Left: Crystal structure of monolayer transition metal dichalcogenides (top); schematics of the band structure and optical selection rule at the boundary of the Brillouin zone (middle); and SEM image of the cross-section of the asymmetric grooves (bottom). Center: Separation of valley excitons in real space (upper diagram) and of polarized photons in momentum space (lower diagram). Each diagram includes schematic (left), simulation (middle), and experimental results (right). Right: Artist’s illustration of valley exciton separation in real space and polarized emission separation in momentum space. [Adapted from reference 3.]
Modern electronics is inexorably approaching the limit of Moore’s law,1 inspiring intense research in alternative areas—such as spintronics and valleytronics, in which spins or pseudospins, rather than electronic charges, are used as information carriers. Recent successes in materials science, such as the isolation of atomically thin transition metal dichalcogenides (TMDs),2 provide exciting opportunities to advance these concepts. In work published this year, we demonstrated the coupling of such materials with optical metasurfaces for sorting and controlling excitons for valleytronics.3
TMD monolayers such as molybdenum disulfide (MoS2) often possess a direct bandgap in the visible frequency region characterized by opposite spins at the +K and –K valleys. That characteristic offers a unique platform to control the spin and valley degrees of freedom.4 However, short valley depolarization times and rapid exciton lifetimes in pristine TMD monolayers at room temperature have prevented the application of valley pseudospins in practical on-chip valleytronic devices. To overcome this obstacle, resonant optical nanostructures have been recently suggested as a way to enhance and separate exciton emissions from opposite valleys toward different directions.3–5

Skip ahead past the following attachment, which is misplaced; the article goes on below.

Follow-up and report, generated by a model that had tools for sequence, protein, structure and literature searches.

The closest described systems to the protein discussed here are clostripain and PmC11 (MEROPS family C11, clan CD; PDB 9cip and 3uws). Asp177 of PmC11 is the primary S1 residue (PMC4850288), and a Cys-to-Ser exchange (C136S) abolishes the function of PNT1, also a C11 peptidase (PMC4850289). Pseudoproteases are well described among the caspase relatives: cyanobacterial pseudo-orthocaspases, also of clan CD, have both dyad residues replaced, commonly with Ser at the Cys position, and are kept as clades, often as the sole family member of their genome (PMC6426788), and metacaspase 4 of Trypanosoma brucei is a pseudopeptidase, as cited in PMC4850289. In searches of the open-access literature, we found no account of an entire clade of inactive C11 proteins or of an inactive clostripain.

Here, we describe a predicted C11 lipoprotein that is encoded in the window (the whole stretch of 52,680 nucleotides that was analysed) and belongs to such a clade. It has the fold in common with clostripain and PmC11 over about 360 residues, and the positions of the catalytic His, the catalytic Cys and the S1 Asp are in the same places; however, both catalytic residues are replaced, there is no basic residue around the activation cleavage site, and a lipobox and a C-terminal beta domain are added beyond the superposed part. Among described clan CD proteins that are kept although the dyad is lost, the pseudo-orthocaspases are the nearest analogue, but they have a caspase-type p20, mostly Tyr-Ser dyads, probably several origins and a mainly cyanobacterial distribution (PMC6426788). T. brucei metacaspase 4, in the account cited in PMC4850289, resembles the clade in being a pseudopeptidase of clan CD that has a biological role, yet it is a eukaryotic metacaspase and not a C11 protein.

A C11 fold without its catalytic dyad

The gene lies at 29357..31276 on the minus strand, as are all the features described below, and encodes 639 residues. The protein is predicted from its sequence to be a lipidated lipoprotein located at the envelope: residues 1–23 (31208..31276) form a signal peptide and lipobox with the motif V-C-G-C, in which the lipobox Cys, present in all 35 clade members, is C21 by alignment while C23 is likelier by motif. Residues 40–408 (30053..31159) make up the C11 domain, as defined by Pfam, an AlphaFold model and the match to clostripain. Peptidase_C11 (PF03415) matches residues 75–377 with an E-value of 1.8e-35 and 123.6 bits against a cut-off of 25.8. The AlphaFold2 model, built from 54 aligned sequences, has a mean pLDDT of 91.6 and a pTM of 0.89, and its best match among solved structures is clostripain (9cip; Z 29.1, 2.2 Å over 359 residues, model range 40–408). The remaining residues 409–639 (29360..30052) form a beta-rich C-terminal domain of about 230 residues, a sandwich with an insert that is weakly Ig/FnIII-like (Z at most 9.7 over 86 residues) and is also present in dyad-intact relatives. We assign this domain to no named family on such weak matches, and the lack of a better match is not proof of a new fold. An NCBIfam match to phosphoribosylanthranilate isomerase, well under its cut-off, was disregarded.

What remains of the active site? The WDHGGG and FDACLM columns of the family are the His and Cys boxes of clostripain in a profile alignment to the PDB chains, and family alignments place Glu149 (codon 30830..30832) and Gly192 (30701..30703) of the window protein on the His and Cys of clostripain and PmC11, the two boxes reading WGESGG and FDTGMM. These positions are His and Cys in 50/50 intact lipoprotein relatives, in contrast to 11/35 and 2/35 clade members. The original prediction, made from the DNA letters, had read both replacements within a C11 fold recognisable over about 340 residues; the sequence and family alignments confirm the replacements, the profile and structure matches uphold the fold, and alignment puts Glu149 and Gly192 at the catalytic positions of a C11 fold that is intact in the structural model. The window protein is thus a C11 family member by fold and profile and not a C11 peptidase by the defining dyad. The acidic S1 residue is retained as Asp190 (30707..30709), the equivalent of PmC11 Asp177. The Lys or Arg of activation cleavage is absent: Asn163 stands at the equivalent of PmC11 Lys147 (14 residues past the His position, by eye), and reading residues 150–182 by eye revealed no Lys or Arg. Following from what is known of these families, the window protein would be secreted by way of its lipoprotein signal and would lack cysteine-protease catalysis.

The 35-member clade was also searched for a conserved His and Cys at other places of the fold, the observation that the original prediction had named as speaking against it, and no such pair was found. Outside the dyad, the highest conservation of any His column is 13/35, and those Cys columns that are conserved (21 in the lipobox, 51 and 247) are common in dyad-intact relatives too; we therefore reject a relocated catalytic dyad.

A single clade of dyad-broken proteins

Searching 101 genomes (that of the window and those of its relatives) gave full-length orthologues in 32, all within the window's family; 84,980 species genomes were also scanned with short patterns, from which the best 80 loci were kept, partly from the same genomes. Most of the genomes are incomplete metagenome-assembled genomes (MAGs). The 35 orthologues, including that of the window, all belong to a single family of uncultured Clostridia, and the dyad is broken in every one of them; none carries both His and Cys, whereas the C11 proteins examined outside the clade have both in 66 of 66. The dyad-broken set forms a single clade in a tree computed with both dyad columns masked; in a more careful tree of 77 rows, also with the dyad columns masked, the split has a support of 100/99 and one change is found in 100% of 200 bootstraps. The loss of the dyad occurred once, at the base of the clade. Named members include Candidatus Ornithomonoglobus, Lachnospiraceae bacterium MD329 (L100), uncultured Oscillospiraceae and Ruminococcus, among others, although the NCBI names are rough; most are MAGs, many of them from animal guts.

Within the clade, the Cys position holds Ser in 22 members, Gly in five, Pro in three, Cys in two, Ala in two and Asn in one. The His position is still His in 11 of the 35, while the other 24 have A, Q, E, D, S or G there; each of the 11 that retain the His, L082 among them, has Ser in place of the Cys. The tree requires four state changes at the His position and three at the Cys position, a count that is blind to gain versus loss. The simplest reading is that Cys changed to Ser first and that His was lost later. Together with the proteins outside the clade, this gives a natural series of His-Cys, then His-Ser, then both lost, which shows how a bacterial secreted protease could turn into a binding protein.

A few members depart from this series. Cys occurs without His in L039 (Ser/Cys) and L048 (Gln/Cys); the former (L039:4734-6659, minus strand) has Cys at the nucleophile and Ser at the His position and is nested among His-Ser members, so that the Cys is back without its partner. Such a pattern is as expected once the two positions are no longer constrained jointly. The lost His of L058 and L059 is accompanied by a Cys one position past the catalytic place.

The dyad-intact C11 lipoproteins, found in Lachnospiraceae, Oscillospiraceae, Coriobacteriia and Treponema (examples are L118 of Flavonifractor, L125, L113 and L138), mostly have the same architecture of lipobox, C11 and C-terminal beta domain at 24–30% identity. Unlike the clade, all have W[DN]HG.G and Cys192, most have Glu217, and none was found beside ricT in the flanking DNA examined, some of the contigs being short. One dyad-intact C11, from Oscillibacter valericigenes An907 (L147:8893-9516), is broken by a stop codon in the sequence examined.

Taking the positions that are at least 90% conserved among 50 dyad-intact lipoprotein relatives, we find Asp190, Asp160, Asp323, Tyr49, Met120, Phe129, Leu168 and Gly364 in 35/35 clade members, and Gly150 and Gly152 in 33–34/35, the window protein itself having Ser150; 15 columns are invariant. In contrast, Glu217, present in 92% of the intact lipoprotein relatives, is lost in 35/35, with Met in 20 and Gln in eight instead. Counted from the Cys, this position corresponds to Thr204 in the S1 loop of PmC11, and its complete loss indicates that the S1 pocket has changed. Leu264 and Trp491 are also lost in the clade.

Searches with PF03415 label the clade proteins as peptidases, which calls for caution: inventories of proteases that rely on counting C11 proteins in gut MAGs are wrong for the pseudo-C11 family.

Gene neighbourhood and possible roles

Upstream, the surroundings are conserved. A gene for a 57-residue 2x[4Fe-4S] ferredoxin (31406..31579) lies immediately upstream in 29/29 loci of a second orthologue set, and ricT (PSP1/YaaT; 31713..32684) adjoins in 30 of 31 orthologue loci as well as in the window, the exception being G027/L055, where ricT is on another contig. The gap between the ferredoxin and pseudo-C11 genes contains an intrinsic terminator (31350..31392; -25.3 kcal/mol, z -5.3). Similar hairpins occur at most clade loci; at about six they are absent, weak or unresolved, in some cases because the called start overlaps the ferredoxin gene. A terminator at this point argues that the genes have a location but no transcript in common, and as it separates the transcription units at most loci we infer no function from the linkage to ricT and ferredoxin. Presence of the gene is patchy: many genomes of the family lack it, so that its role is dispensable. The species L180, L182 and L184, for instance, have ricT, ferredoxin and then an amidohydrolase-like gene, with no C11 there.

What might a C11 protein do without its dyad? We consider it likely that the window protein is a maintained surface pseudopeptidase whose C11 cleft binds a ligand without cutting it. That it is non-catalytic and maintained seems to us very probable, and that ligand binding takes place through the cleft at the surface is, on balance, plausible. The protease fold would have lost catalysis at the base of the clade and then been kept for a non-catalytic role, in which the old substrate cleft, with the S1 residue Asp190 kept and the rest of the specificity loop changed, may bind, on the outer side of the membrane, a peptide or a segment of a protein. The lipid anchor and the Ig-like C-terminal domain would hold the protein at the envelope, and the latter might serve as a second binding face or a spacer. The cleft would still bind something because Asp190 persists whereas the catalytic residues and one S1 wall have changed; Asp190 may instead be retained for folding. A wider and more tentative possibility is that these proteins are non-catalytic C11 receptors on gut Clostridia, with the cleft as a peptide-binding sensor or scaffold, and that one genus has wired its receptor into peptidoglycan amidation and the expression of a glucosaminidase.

In our recent work,3 we demonstrated that valley-polarized excitons can be sorted and spatially separated at room temperature by coupling a MoS2 monolayer with a tailored asymmetric-groove metasurface. The absence of mirror symmetry in the plane perpendicular to the metasurface grooves, combined with spin–valley locking, enables the spatial separation of excitons with opposite valleys.
Our device can further sort photons with opposite helicity from valley-polarized excitons toward different directions. Thus it could operate as a powerful interface between photonic and valleytronic devices. More broadly, our approach can be extended to a wide range of material platforms, enabling the practical use of the valley degree of freedom for information processing and storage at room temperature.
Alex Krasnok and Andrea Alù CUNY Advanced Science Research Center, New York, N.Y., USA, and The University of Texas at Austin, Texas, USA
Liuyang Sun, Chih-Kang Shih and Xiaoqin Li, The University of Texas at Austin, Texas, USA
Chun-Yuan Wang, The University of Texas at Austin, Texas, USA, and National Tsing-Hua University, Hsinchu, Taiwan
Shangjr Gwo, National Tsing-Hua University, Hsinchu, Taiwan, and Academia Sinica, Taipei, Taiwan
1. L.B. Kish. Phys. Lett. A 305, 144 (2002).
2. S. Manzeli et al. Nat. Rev. Mater. 2, 17033 (2017).
3. L. Sun et al. Nat. Photon. 13, 180 (2019).
4. J.R. Schaibley et al. Nat. Rev. Mater. 1, 16055 (2016).
5. S.H. Gong et al. Science 359, 443 (2018).